Even if you can’t vote or are not interested in German politics, there are many good reasons to visit the Reichstag, the parliament building in the heart of the capital city. For a start, there are fantastic views from the top of the dome. You can take panoramic 360-degree pictures.
Selfies with the black, red and gold German flag are also possible at three of the four corners of the roof. And at the fourth: the European Union’s blue and gold banner flies in the breeze.
There is a rooftop restaurant but it is small and really sought-after, so early advance booking is advised, via e-mail.
Berlin spreads before you from the Reichstag – surprisingly green, with the wide Tiergarten park and many smaller green spaces along the river Spree and its canals.
That’s not the zoo, by the way – although Tiergarten does mean “garden of animals”. The zoo itself is called “Tierpark”.
An audio guide in English or any one of eleven languages will point out the must-see sites around this living map. It tells you where to wait a while, what you are looking at, and when to move on.
But be warned: the audio only starts to play when you begin to ascend the inside of the giant glass dome. Once you’ve figured that out, it’s amusing to watch the other visitors – puzzled, perplexed or purple with rage – pushing buttons, switching the gadget on and off and finally asking one of the human guides to “fix it”!
Classic landmarks such as the Brandenburg Gate, the Hohenzollerns’ cathedral and the TV Tower are ticked off – all from the top of the Reichstag – together with less well-known buildings such as the Chancellery, where Angela Merkel has had her office. The nearby government offices are nicknamed “Angie’s washing machine” because of their circular concrete facade.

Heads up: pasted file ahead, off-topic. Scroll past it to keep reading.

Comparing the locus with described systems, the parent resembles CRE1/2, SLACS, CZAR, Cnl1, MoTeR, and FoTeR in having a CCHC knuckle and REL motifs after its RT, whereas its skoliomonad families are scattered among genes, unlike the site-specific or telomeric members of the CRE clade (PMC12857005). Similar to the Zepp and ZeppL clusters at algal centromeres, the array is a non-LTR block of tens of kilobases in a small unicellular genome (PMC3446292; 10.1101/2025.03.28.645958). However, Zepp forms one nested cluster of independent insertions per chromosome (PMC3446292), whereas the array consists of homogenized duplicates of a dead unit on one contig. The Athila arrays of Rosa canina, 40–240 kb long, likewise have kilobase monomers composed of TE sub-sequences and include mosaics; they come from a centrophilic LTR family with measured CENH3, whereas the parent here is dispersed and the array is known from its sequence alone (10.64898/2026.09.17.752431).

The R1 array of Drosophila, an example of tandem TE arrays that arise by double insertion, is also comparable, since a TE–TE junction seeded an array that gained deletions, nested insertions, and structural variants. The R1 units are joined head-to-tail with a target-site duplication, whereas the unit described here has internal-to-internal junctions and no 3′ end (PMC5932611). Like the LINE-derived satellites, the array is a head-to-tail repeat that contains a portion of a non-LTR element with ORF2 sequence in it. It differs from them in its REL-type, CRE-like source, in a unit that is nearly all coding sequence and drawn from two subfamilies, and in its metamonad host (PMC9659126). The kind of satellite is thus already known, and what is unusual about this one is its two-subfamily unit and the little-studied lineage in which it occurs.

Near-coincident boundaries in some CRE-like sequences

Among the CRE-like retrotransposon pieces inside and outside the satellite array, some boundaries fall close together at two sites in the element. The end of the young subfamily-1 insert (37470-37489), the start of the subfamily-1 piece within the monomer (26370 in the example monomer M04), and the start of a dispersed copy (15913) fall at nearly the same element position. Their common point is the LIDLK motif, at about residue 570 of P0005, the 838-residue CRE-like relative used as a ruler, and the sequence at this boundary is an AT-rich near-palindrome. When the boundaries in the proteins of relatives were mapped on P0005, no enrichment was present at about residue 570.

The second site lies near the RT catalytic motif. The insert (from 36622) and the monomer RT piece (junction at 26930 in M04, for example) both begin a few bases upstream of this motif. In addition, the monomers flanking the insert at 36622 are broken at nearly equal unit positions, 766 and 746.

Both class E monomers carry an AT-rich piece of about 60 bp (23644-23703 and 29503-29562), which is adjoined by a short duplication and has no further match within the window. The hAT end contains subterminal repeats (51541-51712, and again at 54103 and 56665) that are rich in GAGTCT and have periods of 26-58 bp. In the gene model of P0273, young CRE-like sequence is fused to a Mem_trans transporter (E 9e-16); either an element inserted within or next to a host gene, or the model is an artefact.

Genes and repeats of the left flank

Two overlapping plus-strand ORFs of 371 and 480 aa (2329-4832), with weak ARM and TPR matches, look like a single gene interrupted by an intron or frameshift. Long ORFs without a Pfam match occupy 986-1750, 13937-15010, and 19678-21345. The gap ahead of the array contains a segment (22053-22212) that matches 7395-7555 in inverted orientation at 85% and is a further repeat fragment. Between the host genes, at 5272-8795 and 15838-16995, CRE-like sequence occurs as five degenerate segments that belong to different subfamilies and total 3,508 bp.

And the guide points out less well-known but intriguing monuments such as the Victory Column with its golden goddess, nicknamed Goldelse (Golden Elsie), the vast Russian Embassy, and the low-key but deeply moving Memorial to the Murdered Jews of Europe.
On our visit, my friend and I saw the sun set. The glass and mirrors of the Reichstag dome caught and magnified the glow. And as we peered down through the many slices of reflected light, we could see the blue chairs where Germany’s political representatives make their laws.
It’s all open to the public, and openness, light and transparency are the themes that inspired the building’s British architect, Sir Norman Foster, to create this great glass bubble.
Beneath the dome, the history of the Bundestag is laid bare, with contemporary photographs and newspaper reports in German and English. The exhibition does not flinch from the dark and murky periods.
There is the Reichstag fire of 1933 that destroyed part of the building – supposedly started by a Dutch communist. That marked the start of Hitler’s Third Reich and the Holocaust. All is chronicled here.
Later, in the East of the partitioned city, there was a “pretend parliament”- as the caption calls it – of the communist-run German Democratic Republic (1949-90). The ruling Socialist Unity Party (SED) always won elections. So although there was a vote every two years, no real political change was possible.
Re-unification and Germany’s role in the European Union round off the circular display.
And then on the outside, history springs to life at dusk in movies, sound and lights. The daily spectacle plays twice a night in back-to-back performances starting at 20:00, from now until 3 October. That will be The Big One, as it’s a public holiday, the Day of German Unity.
It’s free, and so is the tour. But for security reasons, you have to apply online in writing for permission to view the Bundestag building, and print the document granting you permission.
Take your official letter with you, along with a passport or ID card to prove your identity. When parliament is sitting, anyone can watch from the public gallery – but again, you must book in advance online.
The only sessions that are not open to the public are some committee meetings and the “Fraktion” meetings where the different parties get together to strike deals with their political partners or opposition allies. Clarity and transparency are all very well – but Realpolitik dictates that some things can only happen behind closed doors.
By Jane Whyatt